The Leavenworth Times from Leavenworth, Kansas on September 11, 1952 · Page 4
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The Leavenworth Times from Leavenworth, Kansas · Page 4

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Leavenworth, Kansas
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Thursday, September 11, 1952
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Page 4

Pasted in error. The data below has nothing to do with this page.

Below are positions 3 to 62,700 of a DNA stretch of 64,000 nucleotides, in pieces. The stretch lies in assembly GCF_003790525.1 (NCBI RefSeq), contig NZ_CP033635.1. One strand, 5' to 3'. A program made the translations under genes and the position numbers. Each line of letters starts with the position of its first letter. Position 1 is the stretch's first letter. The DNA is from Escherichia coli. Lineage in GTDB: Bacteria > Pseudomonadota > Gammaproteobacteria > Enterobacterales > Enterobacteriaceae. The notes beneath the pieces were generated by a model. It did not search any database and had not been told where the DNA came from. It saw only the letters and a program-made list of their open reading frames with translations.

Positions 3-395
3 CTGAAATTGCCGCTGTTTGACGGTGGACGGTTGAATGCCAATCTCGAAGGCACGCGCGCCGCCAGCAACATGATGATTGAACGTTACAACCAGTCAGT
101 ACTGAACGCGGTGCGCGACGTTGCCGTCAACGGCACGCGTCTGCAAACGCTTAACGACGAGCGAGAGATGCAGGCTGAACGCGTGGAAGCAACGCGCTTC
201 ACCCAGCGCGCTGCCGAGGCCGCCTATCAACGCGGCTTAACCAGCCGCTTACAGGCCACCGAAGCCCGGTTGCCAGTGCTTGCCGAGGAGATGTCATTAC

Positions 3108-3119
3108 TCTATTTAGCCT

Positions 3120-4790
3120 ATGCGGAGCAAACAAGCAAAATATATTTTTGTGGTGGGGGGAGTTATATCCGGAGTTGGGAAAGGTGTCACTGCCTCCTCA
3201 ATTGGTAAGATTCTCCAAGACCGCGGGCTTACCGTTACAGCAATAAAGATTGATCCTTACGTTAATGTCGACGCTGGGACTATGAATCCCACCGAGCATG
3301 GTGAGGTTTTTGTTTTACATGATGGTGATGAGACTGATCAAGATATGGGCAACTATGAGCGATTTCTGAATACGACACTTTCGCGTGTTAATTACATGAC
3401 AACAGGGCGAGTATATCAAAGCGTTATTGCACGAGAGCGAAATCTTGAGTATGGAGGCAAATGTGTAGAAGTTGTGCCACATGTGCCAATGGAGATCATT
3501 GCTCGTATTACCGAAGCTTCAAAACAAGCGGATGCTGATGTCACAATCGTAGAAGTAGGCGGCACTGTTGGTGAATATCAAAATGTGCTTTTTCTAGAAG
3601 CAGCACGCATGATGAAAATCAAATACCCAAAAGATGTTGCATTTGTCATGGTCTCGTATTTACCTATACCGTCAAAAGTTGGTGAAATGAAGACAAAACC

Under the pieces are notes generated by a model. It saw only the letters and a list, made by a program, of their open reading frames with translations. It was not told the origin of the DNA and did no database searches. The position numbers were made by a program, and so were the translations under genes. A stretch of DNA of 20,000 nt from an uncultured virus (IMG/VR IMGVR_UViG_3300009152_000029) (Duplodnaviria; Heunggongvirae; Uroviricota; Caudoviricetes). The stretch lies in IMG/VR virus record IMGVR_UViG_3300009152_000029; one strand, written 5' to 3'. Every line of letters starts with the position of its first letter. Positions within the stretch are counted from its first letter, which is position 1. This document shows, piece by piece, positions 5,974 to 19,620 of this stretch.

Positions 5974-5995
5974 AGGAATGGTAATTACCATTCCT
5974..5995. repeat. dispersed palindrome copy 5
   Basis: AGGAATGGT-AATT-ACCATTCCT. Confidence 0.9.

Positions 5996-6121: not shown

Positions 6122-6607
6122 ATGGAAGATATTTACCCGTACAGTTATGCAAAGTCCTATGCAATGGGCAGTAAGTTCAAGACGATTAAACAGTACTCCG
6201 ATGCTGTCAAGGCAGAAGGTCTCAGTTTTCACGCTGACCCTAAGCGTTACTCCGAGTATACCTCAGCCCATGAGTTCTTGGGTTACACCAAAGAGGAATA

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Four Court Reporter Killed, Judge Is Injured JUNCTION CITY, Kas. <ffl— James E. Broadwater, Junction City, district court reporter, was killed and District Judge James P. Coleman injured Thursday in an automobile accident 10 miles south of here. Judge Coleman was brought to a Junction City hospital. The extent of his injuries was not immediately determined. First reports of the accident indicated the car in which the two men were riding struck a culvert on U. S. highway 77 near Woodbine. Broadwater had been a reporter for many years in the Eighth Judicial District which includes Geary, Dickinson, Marion anc Morris counties. Judge Coleman, a Republican, won renomination to the bench in the August primary. Temple B'Nai Jeshurun Holds Sabbath Eve Service The regular Sabbath eve services, suspended during the summer months, will be resumed at the Temple B'Nai Jeshurun tomorrow at 7:45 p.m., Rabbi Jerome Rosen said this morning. He will preach on the subject, "One World." The Jewish New Year, which according to tradition will mark the beginning of the year 5713 since the creation of the world, will be ushered in with religious services Friday, Sept IS. This will be followed ten days later, Sunday, Sept 28, by the observance of the most sacred day of the Jewish calendar year, the Day of Atonement, Rabbi Rosen said. All Jewish holidays begin at sunset and end at sundown of the following day. Reds Pour Fire On Capitol Hill SEOUL, Korea (m — The Communists Thursday blanked Capitol Hill with mortar and artillery fire after failing in a night of bloody grenade and bayonet fighting to Market Report MARKETS AT A GLANCE NEW YORK (I) — STOCKS — Steady; recovery on light volume. BONDS — Mixed; governments lower! COTTON— Lower; liquidation and hedging. CHICAGO WHEAT — Slightly lower in light trade. CORN — Easy; good weather for new crop. OATS — Firm; government lowers cop estimate. HOGS— 25 to 50 cents lower ,top 520.25. CATTLE— Steady to 50 cents off. KANSAS CITY (B-(HDA)— Hay receipts: 5 cars of alfalfa, 3 cars a week ago and nothing a year ago. No sales. Best grades of dairy type alfalfa is steady, medium grades quiet. Lower grades are slow and draggy. K*A7SI^A<s PITY" 1st Wfioaf 01 cars; Unch to Ic lower No. 2 hard and. dark hard 2.44%-2.45%; No. 3 2.43%; No. 2 red 2.36-2.38%N; No. 3 2.34-2.3714N. Corn 38 cars; Nom U higher to 1% lower; No. 2 White 2.61%- 2.80N; No. 3 2.06%-2.70N;"No. 2 Yellow and mixed 1.81%-1.86%N; No. 3 1.71%-1.85%N. Oats 9 cars; Unch to % lower; No. 2 white 94%-1.00%N; No. 3 96V 2 . Milo Maize 3.05%-3.15%N. Rye No. 1 1.97 Barley 1.43-1.56N Soybeans 2.98-3.1S Bran 55.75-56.50 Shorts 62.00-62.75 FUTURES Open High Low Close WHEAT: Sep 2.35 2.35 2.34% 2.34% Dec 2.38 2.38 2.37% 2.37% Mar 2.39% 2.39'/ 8 2.39% 2.39% May 2.39% 2.39% 2.39^4 2.39% CORN: Sep 1 79 Dec 1.68% 1.68% 1.68% 1.68% May 1.74% 1.74% 1.74y s 1.74% GRAIN SORGHUM: High Low Close Sep 3.14% 3.1414 3.14% Dec 3 06 KANSAS CITY <#) — (USDA)— Cattle 500; calves 200; trading ittle more than a cleanup affair, prices steady to easier in a slow session; no slaughter steers or visions were railroads, non-ferrous metals, radio - television issues, building materials, and some chemicals. Steels and motors were quietly steady almost with most, of the remainder of the market. ' NEW YORK m — Stocks Close Net Change Admiral 28% U % Allied Chem 76% U % Allis Chal 51 D % Am Airlines 13 a g D % Am Stl Fd 32% Am Tel & Tel ... 153% U' % Armour 9% n % Beech Airc 15 Beth Stl 49% n U Bran Airw 10% Case (J I) 24% Celanese 41% u 5 | Chick Cot 15'g u H Chrysler ......... 78% D % Cities Svo 99% D % Coca Cola Cont Can 42% U % Deere 32% Doug Airc 62% U % Du Pont 87% D % Eagle Pich Food Mach 42% U % Gen Bak 11% TT u. Gen Elec 63% U % Gen Foods 47%- D % Greyhound 12 P% Here Pdr 68 U % Kan City Sou 76% u % Kan Pw & Lt 19 Kennecott 74 1 /. D % Kroger Co 37 U% Luon Oil 37% Martin (GL) .... 11% u % McKess & R ..... 36% U % Mid Cont Pe{ .... 63% Minn M&M ..... 40 /i U % Mo Kan Tex .... 6% D % iMont Ward 60% D % Nat Gypsum .... 20% U % NY Central 18% D % No Am Avia .... 16% U % Ohio Oil 52% D % Packard 4% Penney (JC) 67 D % Pa RR '. 19 Phillips Pet 56% U % Pure Oil 61 n s- Douglas' wage average is $2.88, North American's $1.88. Iran Asks Reconsideration Of Rejection of Loan MEXICO CITY (JH — Iran wants the World Bank to reconsider a previous adverse decision and lend the hard-pressed Middle Eastern government between 19 and 21 million dollars. • Iranian U. N. Delegate Djala! Abdoh requested the lonn Wednesday at a meeting here of the International Bank for Reconstruction and development. There was no immediate response from the bank, which earlier this year failed to get the Iranian government to agree to its plan for putting the country's nonproductive oil industry back to work. Weather Observations By The Associated Press ' U. S. weather observations for 24 hours ending at 6:30 a. m. Station - Max. Min. P. Chicago 93 64 Denver 87 53 Edmonton M Fort Worth 93 Havre, Mont 56 Kansas City 90 Los Angeles : 70 Miami 86 Minneapolis 90 New Orleans 84 New York 83 Oklahoma City 88 Washington 80 M 70 50 71 55 74 69 66 66 63 57 M Polio Continued from Page One. capture, the Central Front outpost from South Korean troops. The U. S. Eighth Army said Red big guns poured 30 rounds a minute throughout the day at the tough. ROK (Republic of Korea) infantrymen who chased screaming Chinese troops from Capitol Hill at dawn. Two hundred dead Chinese were counted on the mud-caked slopes after the swirling, night-long battle, the Eighth Army said. <• Another 300 were estimated killed/This raisec Communist casualties in the Capitol Hill fighting which flared Saturday to at least 2,800. The Eighth Army said South Ko- butchers mostly 18.50-19.75; choice leans on Capitol Hill killed or 300-375 Ibs 17.50-18.25; sows mostly wounded 12 Chinese of a Red pla-— toon which got caught in the open around noon Thursday. Kansas Records 150th Oil Discovery of Year WICHITA CD—Kansas' 150th oil discovery for the year—in Pawnee County—was on records of the State Conservation Division Thursday. The state agency reported Musgrove Petroleum Company's No. 1 Phinney in swc ne 34-21-16w made the state maximum of 3,000 barrels daily on draw-down test. Located a mile and a half west of the Evers field, the Phinney was drilled to 3,853% feet, total depth, in Arbuckle lime topped at 3,847. heifers of consequence few utility and low commercia cows 14.50-16.50; canners and cutters 12.00-14.50; few light canners down to 10.00 and below; few bulls 18.00 down but weighty commercial bulls scarce; good and choice vealers 24.00-28.00; commercial to choice killing calves 17.00-24.00; common grass steers on feeder account 17.50. Hogs 1,800; slow, uneven, 25-75, mostly 50 lower; choice No. 1, No. 2 and No. 3s scaling 190-240 Ibs 19.75-20.25; latter price on around 2 loads choice No. 1 and No. 2s to shippers; choice 250-290 Ib. It was tagged as opening Lamed (Arbuckle) field. the Army Teams To Meet in Fort Riley Pistol Match FT. RILEY W— Teams representing military installations in 13 states will meet in the Fifth Army rifle and pistol matches at Ft. Riley Sept 15-20. I The army installations have been invited to send two five-man rifle and two five - man pistol teams with two alternates per team. Standard service arms and ammunition will be used and the contest will be governed by rules of the National Rifle Association. stags WICHITA (ffl— (USDA)-Cattie 600; calves 50; no slaughter steers or heifers of consequence on offer; trade confined largely to odds and ends cows and calves; scattered sales about steady at week's decline; few utility and low commercial cows 14.50-17.00; canners and cutters 11.00-14.50; good and choice vealers 24.00-28.00; commercial to choice slaughter calves 15.00-24.00; stackers and feeders dull. Hogs 700; slow, uneven, 25-1 lower than Wednesday's averagi choice 190-250 Ib barrows and gil Radio Cp 26% Repub Stl 39% Reyn, Met Safeway St St Jos Lead Schenley Ind Sears Roeb Sinclair Oil Socony Vac ltd Oil Cal ltd Oil Ind .. 52% . 30% . 43 ..26% . 57% . 42 . 35% . 57 79% D D D D Std Oil NJ 76% Itudebake . . 36% 19% ..32% . 54% 21 ,110 , 35% U S Rubber 24% U S Steel 38% ffest Un Tel .... 39% Vest Elec 40% Villys Over 9% Voolworth 43% Sunay Oil Swift & Co Texas Co Tide Wat As Un Pac Unit Airc Youngst Sh&T 43 D D U U D U U D % D % U % D % U % D2% U % U % boy, known as Toby, had just returned from a two-week summer camp, where he evidently contracted the disease. Colonel Hedekin is chief of staff at the post. Constance Henderson, seven- year-old daughter of Mr. and Mrs. Truman Henderson Jr., 1129 Metropolitan, is at home and imprbv- ing, her mother said today. The child's case was diagnosed Saturday, but is not severe. Aileen Hall, 15-year-old daughter of Sgt. and Mrs, Leonard Hall, 411 Miami, has been taken to Fitzsimmons Army hospital in Denver by air. No report on her condition was available. Pete Miller, previously reported as a polio patient at Bethany Hospital, Kansas City, Kas., was described as in good condition this morning by the hospital. Peters the eight-year-old son of Mr. and Mrs. Jack Miller, 709 Marshall. Bethany reported another case from Leavenworth: Charles Erickson, three and a half years old, ,vho entered yesterday. Charles is the son of Mr. and Mrs. William Erickson, 301 Central. The hospital said his condition was good. A Washington dispatch from the Associated Press said today new cases of polio reported last week set a third successive weekly record of 3,824 over the nation. Kansas had 162 cases of infantile paralysis in the week ended Aug. 30. with newspapers and the way they handle political news. The President opened the conference by reading a statement in which he pointed out that editorially newspapers, and magazines supported Gov. Thomas E. Devvey for the presidency in 1948. Truman said he doesn't think the situation has changed much since then. Isolationist Continued from Page One. party responsibility "in every state I visit." The general will leave Sunday on another Midwest campaign tour. The itinerary does not include Wisconsin. Still another factor entered into the Eisenhower camp' study of the McCarthy question. Eisenhower intends to confer soon with Sen. Robert A. Taft of Ohio in- an attempt to win active campaign support from the man he defeated for the GOP presidential nomination, Taft, who has said he wants to know more about the general's views, is an open supporter of McCarthy. Tonganoxie ed to their homes after visiting parents, Mr. and Mrs. Herbert Rawlings. The Ladies Aid of the Congregational Church will meet Sept. 11- with Mrs. Hans Freienmuth. Miss Shirley Meints' will go to the State Fair at Hutchinson Sept [and Mrs. Harold Moort, the 13 where she will compete in theJFades, Curtis Williams and Pete Style Review. jHamilton families. The Pierces Mr. and Mrs. Max Pierce and'are former residents here, son Ronald Lee and Mrs. Hugh' David Parker has enrolled in Starns of Satanta Kas visited here Western Military Academy at Al- Wednesday at the homes of Mr..ton, HI.' President Continued from Page One. Closing average 60 stocks 106.1. unch. unsorted for price 19.75; grade, choice largely 250-290 Ib Subpoena Club Officers In Slot Inquisition ARKANSAS CITY W— Fourteen officers of veterans, social and fraternal organizations have been subpoenaed in Cowley County for 032,000 bushels, an inquisition on slot machine activities in the county. County Attorney Lawrence Christenson said Wednesday me inquisition will be held Sept. 20 and 22 to determine whether gambling laws have been .violated. ELECTRICIAN KILLED IOLA a>( — Ralph Dicks, 31, an electrician, .was killed Wednesday afternoon when he slipped and fell into a charged electric line while working in a rural area eight miles northeast of Erie. Dicks was employed by the Cooperative Power and Light Company, Inc., of lola. The widow survives. 19.00-50; choice 290-325 Ibs mostl No. 2 and No. 3s 18.00-19.00; sow "400 Ibs down 16.25-18.00; over 40 Ibs 14.25-16.25. CHICAGO ff) — Soybeans drop ped several cents on the Board _ Trade Thursday as more new cro beans showed up at terminals and processors reduced their bi price to the country. Soybean o eased and even soybean meal mix tures were marked down. Losses running to around 5 cents were recorded at one time. Wheat closed unchanged to lower, Sept $2.31%, corn %-l lower, Sept. $L76%-$1.77, oats y lower to % higher, Sept. 85%, ry % to 1 cent lower, Sept. $1.9392 soybeans 4%^6^i lower, Sept $3.0 %-%, and lard 13 to 25 cents £ hundred pounds lower, Sept. $9.65 Wheat futures purchase Wednesday 6,513,000 bu.; week ago 8,116,000; year ago 5,671,000. Open interest in wheat futures the previous session totaled 97, NEW YORK (ffl — With dogged In 'Britain an automobile muffler is called a silencer. determination the stock marke. held to modest gains Thursday while business dwindled" markedly. About the best the market could do on the upside was fractions to around a point, but the less frequent minus signs were just as small. Business came to around an estimated million shares after six days of holding above that mark. Thursday's display of strength was in considerable contrast to Wednesday's declining market The market was higher from the beginning, settled down slightly in the morning, and then expanded a bit in the afternoon. Among the better performing di- Suspeud Reporting Requirements on Cattle OPS announced it has suspended e reporting requirements in ceiling price regulation 23 on live cat- tie effective for accounting periods beginning after July 26, 1952. This advance notice is given so that slaughterers will know they are not required to file OPS public form 13 for accounting periods which began after July 26, Larry Ryan, director of the Wichita OPS district office, said. Other provisions in the regulation remain in effect and slaughterers must continue to buy cattle in compliance with the regulation. Further information relative to the suspension of reporting requirements and other changes in the regulation will be announced when amendment 5 to CPR 23 is issued, Ryan said. of stories that would interest the reporters during his political trip through the West in October. Passed up a chance to give his opinion of Eisenhower's support ol Sen. Jenner in Indiana. Stated that if this country elects a Republican Congress it will be an "isolationist Congress," and that this would not bring peace. When a reporter asked if the words isolationist Congress could be put in quotes—the President is never quoted specifically at a news conference unless he gives his permission—he said it was all right with him. He said in reply to a question Eisenhower was said Wednesday Tension Continued from Page One. vages should be negotiated," Snider declared. Lockheed, strikebound since Monday morning, obtained a temporary restraining order late Vednesday against mass picket- ng. The company claims non- trikers have been roughed up and nsulted and their cars damaged. pplication for a permanent in- unction will be heard Sept 19. nider said the union will obey the xiurt order. Douglas offered 5 cents more n hour to some 30,000 IAM work- rs.at its El Segundo and Santa tonica plants. The new offer in- iudes sick leave and vacation enefits after one year's service, lus six paid holidays next year! here was no comment from IAM fficials, who seek 10% per cent igher wages. At Lockheed, the union seeks 14 ents more hourly, a union shop nd an escalator clause. The corn- any has offered 7 cents, plus 2 ents under an escalator clause. Lockheed pre - strike wages anged from 51.25 to $2.52 hourly. that he thinks wrong when he that what this country is most in terested'in is a change. Truman said he doesn't think that's true, he said he thinks it's peace that the nation is most interested in and that's what he's been working most steadily for the past seven years. But mostly the conference dealt MM. William SImtion Members of the Kiwanis Club and their wives will attend a charter night dinner at the Tonganoxie High School on Monday, Sept. 15 at 7 p.m. Since Tonganoxie is the most recent addition to the clubs in this part of Kansas, many representatives from other clubs are expected to join in the charter presentation at Tonganoxie. James W. Putman, Emporia, Kiwanis Governor of Kansas,, will deliver the charter night address Sept. 15, when the newest Kiwanis Club in Kansas will be chartered. The title of Putman's remarks will be ''The Kiwanis Citizen. 1 ' Kiwanians from every part of Kansas will attend the charter night festivities which have been planned by Cecil M. Luse, McLouth and C. Hervey Quisenberry, Tonganoxie. Prior to the charter night, a ceremony will be held planting a Kiwanis tree in Tonganoxie under the direction of Harold H. Lukens, McLouth. The Kiwanis Club at Tonganoxie now has 41 members. The officers 3 are: President, Fred F. Needhaji; Vice-president, Joe Sheriff; sec'e- tary, Daryl Meredith and trea&jr- er, Foster Laming. The direcMrs are: Tom Laming, Harold Ch.'n- pion, Bill C. Seymour, Amos B. Barton, Carl Oakson, Henry B. Metzger and Charles Baker. The local grade school opened Tuesday, Sept. 2. Mrs. Fra Lappin is the first grade teacher with 34 pupils; Second grade, Mrs. Wanda Day, 19 pupils; Third grade, Mrs. Jeane Knox, 17 pupils-; Fourth grade, Mrs. Edna McKone, 28 pupils; Fifth grade. Miss Jeanette Voeste, 21 pupils; Sixth grade, Mrs. Frances Myers, 25 pupils; Seventh grade, Mrs. Doris Garrison, 29 pupils; Eighth grade Miss Mayme Ferrall, 37 pupils; and Miss Viola Reichart, principal. During the summer Mrs. Lappin and Mrs. Doris Garrison conducted a'kindergarten for children who would be school age .this September. Mr. and Mrs. Chris Meints, Richard, Shirley and Carolyn spent last weekend in Tecumseh, STebr. visiting relatives. On Sunday, they attended a reunion of the Meints family. About 65 were present. Mr. and Mrs. Bob Rawlings of DeQueen, Ark., and Arthur Rawlings of Denver, Colo, have return- Happy Is The Day When Backache Goes Away Neroing backache, loss of pep and energy, headache* and dizziness may be due to slowdown of kidney function. Doctors say good kidney function is very important to good health. Whensomeeverydaycondition,such as stress and strain, causes this important function to slow down, many folks suffernag- ging backache—feel miserable. Minor bladder irritations due to cold or wrong diet may eausegettingup nights orf requentpassages. Don t neglect your kidneys if these conditions bother you. Try Dean's Pills-a mild diuretic. Used nuccessfnlly by millions for over 60 years. It's amazing how many times Doan s give happy relief from these discomforts-help thelSmilesof kidney tubes and filters flush out waste. Get Doan'a Pills today! (Adv.) 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